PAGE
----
Modern train stations are not made with any sense of romance—that is a shame. I have been stranded a few times, for an hour’s time, at the Millbrae Caltrain/Bart station, which, in terms of the Bay area, is in the middle of nowhere.
“Please do not ride your bicycle while on Bart,” says a gritty speaker, somewhere.
Two years ago, maybe more, I was here at night, a reasonably temperatured night, and I was very hungry. I may have had a small dinner, but it had been at least four hours earlier. Knowing I had almost two hours before the next train would come because the late weekend trains are more infrequent, I wandered out into the urban neverness, seeking any kind of quick snack. There was a diner on the corner but I didn’t want to sit—it felt necessary to retrieve something for consumption at the station. Outside the diner and across the street, I saw a gas station with a convenience store, and went to it. The street was wide; it seemed like a dozen lanes in the night, like one of those giant black tracks through the unnatural land that acts as a slow urban artery—not the main vein, not an important one, but a thick one. I crossed it and went into the store and bought a candy bar with a bottled coffee drink. I used their restroom too—that was another motivator which I’ve just now recalled. And I came back to the train station with my candy and drink and unwrapped it, and ate it, quickly and lustfully. That word is a hair from what I mean to say, but in terms of candy and hunger, you understand fine. It was not very satisfying.
The station is all concrete and metal. I suppose all are. A French train station, like Gare du Nord or d’Orsay, which started out as a station, is also concrete and metal, but done right. Of course those kinds of stations are plentiful in America as well, I think, but not here; this is for business and those are for fun. Modern stations, or, transit centers, are made to work—and that is all.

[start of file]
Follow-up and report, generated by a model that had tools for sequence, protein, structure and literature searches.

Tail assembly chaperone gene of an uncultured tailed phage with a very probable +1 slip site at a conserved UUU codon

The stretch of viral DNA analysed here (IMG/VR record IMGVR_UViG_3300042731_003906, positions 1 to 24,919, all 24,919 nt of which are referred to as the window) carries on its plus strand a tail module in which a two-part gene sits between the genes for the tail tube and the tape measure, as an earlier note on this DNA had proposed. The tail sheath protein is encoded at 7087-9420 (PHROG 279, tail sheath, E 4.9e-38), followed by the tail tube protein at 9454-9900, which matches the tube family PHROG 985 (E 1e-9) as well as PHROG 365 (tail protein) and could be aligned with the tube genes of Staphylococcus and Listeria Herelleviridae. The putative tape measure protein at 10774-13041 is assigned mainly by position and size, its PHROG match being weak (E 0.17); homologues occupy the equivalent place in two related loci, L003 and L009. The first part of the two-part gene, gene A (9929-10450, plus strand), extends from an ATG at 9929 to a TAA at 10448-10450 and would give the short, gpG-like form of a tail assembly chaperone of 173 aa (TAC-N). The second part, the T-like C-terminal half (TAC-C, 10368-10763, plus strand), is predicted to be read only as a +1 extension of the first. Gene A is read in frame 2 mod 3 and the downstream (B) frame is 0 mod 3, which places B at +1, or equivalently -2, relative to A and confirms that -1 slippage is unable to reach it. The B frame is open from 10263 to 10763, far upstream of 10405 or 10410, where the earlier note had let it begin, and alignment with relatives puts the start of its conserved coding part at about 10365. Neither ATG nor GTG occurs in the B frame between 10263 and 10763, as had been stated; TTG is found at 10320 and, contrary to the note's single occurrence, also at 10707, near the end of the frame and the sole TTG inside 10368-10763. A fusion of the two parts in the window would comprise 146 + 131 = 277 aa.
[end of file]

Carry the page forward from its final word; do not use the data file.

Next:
That night at the station was as a little sad and a little lonely. The electric light is unfriendly, and the dead hum of the rails is foreboding. It had been a good day with a good friend in the city, and there was a nice kind of love between us, like we had been childhood companions, but weren’t. The day was over and the sun was down and I was alone eating candy in the cold of the train station with irritable strangers.
It is better today at the station, perhaps because I began the day alone and nothing was lost, and it was still good; the sun is not down and is kind with warmth—not the bad heat the can sometimes come in California, but the gentle sort of warmth of later afternoons. The station is still ugly and dead like a skeleton but I was smart enough, this time, to bring paper and pen for the empty minutes.